"Great Experience!! Dr Hampton and her staff are very knowledgeable and professional!"
"She goes above and beyond for her patients! She’s helped my dry eyes tremendously."
"Dr Hampton was one of the Doctors that saved my eye sight."
Dry eye can be associated with many disorders that have nothing to do with the eyes. Lupus, diabetes, rheumatoid arthritis, and immune system disorders may impact how well the eye's tear ducts function. Dry eye affects the surface of the eye and is often characterized by itching, redness, and feeling as if there is something in the eye that is causing irritation. One of the most common causes is wearing contact lenses for too long. This is one of the most reported causes and also one of the most preventable. In some patient's, the tear ducts may not be able to produce enough tears to keep the eyes sufficiently moistened.
Dry eye treatment is based on what is causing the problem. The tear duct's inability to produce enough tears, tears that evaporate too quickly, or an imbalance of components that make up tears are the most common problems that must be addressed. Eye drops that moisten the eyes and stimulate the production of tears are a common treatment option. For contact lens wearers, the use of special lenses may be able to help reduce some of the discomfort associated with the condition. The use of light therapy and mild eyelid massage may also be beneficial. In some cases, massage and mild irrigation may be used to unblock the tear ducts and re-establish the positive flow of tears.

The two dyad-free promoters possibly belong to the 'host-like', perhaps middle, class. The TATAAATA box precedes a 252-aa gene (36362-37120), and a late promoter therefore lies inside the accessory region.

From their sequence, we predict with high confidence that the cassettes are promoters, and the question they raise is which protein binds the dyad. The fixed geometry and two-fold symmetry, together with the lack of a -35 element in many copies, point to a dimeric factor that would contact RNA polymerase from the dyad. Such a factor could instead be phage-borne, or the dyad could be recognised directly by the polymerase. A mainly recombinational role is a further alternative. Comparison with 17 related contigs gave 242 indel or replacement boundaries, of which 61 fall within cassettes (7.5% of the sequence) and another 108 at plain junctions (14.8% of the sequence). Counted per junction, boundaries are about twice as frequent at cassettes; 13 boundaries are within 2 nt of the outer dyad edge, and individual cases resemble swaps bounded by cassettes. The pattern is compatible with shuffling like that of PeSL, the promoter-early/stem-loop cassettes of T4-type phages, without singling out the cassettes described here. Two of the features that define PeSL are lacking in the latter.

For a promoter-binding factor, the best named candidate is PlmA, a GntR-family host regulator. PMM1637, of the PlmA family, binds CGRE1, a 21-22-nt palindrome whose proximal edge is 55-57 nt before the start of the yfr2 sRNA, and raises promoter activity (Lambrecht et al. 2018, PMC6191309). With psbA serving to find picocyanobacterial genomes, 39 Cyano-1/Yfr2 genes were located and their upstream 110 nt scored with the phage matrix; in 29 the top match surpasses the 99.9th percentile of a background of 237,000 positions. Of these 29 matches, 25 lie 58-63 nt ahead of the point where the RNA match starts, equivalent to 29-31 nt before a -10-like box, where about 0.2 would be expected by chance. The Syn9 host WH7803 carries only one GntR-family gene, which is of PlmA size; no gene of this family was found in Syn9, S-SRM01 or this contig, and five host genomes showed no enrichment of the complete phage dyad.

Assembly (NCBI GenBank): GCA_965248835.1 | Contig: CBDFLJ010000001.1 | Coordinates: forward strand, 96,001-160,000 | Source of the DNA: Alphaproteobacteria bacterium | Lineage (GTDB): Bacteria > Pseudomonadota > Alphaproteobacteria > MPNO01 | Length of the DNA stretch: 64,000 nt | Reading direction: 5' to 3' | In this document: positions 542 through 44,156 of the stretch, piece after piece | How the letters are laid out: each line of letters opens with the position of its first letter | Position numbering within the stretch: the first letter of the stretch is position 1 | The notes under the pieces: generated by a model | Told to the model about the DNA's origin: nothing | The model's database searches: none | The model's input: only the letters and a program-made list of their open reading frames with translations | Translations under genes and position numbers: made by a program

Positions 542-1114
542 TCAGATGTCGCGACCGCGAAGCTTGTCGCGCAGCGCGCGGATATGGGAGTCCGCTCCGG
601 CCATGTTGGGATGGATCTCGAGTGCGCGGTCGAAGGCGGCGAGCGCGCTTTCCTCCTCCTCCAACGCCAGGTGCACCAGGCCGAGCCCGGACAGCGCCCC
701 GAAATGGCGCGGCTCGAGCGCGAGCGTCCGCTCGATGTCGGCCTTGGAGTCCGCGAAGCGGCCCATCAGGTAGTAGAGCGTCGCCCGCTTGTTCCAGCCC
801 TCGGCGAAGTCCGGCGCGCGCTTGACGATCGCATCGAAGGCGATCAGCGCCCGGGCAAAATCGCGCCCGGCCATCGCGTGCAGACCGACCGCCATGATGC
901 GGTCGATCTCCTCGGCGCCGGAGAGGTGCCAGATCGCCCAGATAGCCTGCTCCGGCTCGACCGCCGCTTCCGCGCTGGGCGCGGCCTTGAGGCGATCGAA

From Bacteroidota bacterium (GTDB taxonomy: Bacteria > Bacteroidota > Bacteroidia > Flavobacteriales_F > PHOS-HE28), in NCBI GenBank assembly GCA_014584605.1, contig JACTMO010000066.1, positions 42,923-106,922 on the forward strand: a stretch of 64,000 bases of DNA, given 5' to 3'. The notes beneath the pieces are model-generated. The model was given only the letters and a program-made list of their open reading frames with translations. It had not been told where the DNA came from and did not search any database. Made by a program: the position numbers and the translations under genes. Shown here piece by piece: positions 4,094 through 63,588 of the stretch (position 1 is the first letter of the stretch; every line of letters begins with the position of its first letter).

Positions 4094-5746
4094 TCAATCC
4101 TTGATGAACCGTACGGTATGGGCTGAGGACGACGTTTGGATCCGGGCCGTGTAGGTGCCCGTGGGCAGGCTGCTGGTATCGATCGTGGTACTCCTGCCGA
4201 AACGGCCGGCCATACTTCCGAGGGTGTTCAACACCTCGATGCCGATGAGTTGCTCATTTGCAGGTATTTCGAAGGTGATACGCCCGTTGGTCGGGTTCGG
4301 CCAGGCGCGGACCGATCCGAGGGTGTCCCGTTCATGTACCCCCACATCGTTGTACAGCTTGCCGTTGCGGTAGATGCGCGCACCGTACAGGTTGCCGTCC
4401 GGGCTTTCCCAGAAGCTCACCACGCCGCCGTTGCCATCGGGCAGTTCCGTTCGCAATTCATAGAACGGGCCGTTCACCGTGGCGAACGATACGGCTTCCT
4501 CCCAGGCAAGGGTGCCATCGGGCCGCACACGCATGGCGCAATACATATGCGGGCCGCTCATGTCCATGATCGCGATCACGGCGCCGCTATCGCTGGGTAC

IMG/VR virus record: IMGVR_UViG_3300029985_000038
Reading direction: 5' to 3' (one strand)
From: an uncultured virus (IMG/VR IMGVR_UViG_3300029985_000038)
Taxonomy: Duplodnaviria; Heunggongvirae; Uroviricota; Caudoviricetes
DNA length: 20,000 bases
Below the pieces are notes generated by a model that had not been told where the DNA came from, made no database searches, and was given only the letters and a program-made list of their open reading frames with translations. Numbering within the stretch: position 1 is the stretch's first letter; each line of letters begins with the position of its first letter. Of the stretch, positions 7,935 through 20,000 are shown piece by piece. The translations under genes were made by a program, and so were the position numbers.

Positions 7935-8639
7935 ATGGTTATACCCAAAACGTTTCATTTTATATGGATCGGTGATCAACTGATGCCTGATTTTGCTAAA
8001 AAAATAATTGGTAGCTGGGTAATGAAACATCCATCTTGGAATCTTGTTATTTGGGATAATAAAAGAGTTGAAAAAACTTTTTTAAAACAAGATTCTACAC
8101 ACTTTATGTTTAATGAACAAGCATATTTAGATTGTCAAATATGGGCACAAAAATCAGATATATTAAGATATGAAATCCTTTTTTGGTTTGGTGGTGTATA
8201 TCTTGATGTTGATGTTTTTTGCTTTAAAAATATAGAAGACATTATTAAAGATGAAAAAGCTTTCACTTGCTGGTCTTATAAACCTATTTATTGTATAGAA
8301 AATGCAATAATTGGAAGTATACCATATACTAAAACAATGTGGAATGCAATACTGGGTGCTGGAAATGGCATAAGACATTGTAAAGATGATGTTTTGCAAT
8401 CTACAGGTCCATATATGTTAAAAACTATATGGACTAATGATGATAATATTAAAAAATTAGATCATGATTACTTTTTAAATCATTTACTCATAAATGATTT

The tears the eye produce serve to protect the surface of the eye from damage. When a person does not produce enough tears to keep the eye sufficiently hydrated, several things can begin to occur. The surface of the eye can become damaged as the debris lands on the cornea and there are no tears to flush it away. The cornea and interior of the eyelids can become scratched and irritated, leaving the body open for infections. Eye infections that are the result of extremely dry eyes may be harder to treat. If damage occurs to the cornea of the eye, a person's vision may be altered or reduced. The constant irritation of the eyes, accompanied by the increased risk of infection and changes in vision can affect a person's overall quality of life.
InsuranceWe accept most major insurance. If you have any questions about your eligibility or coverage, please call our office. We are happy to help you! Please note that our practice does not take VSP or vision benefits. Dr. Hampton accepts medical insurance. Please call to inquire with any questions.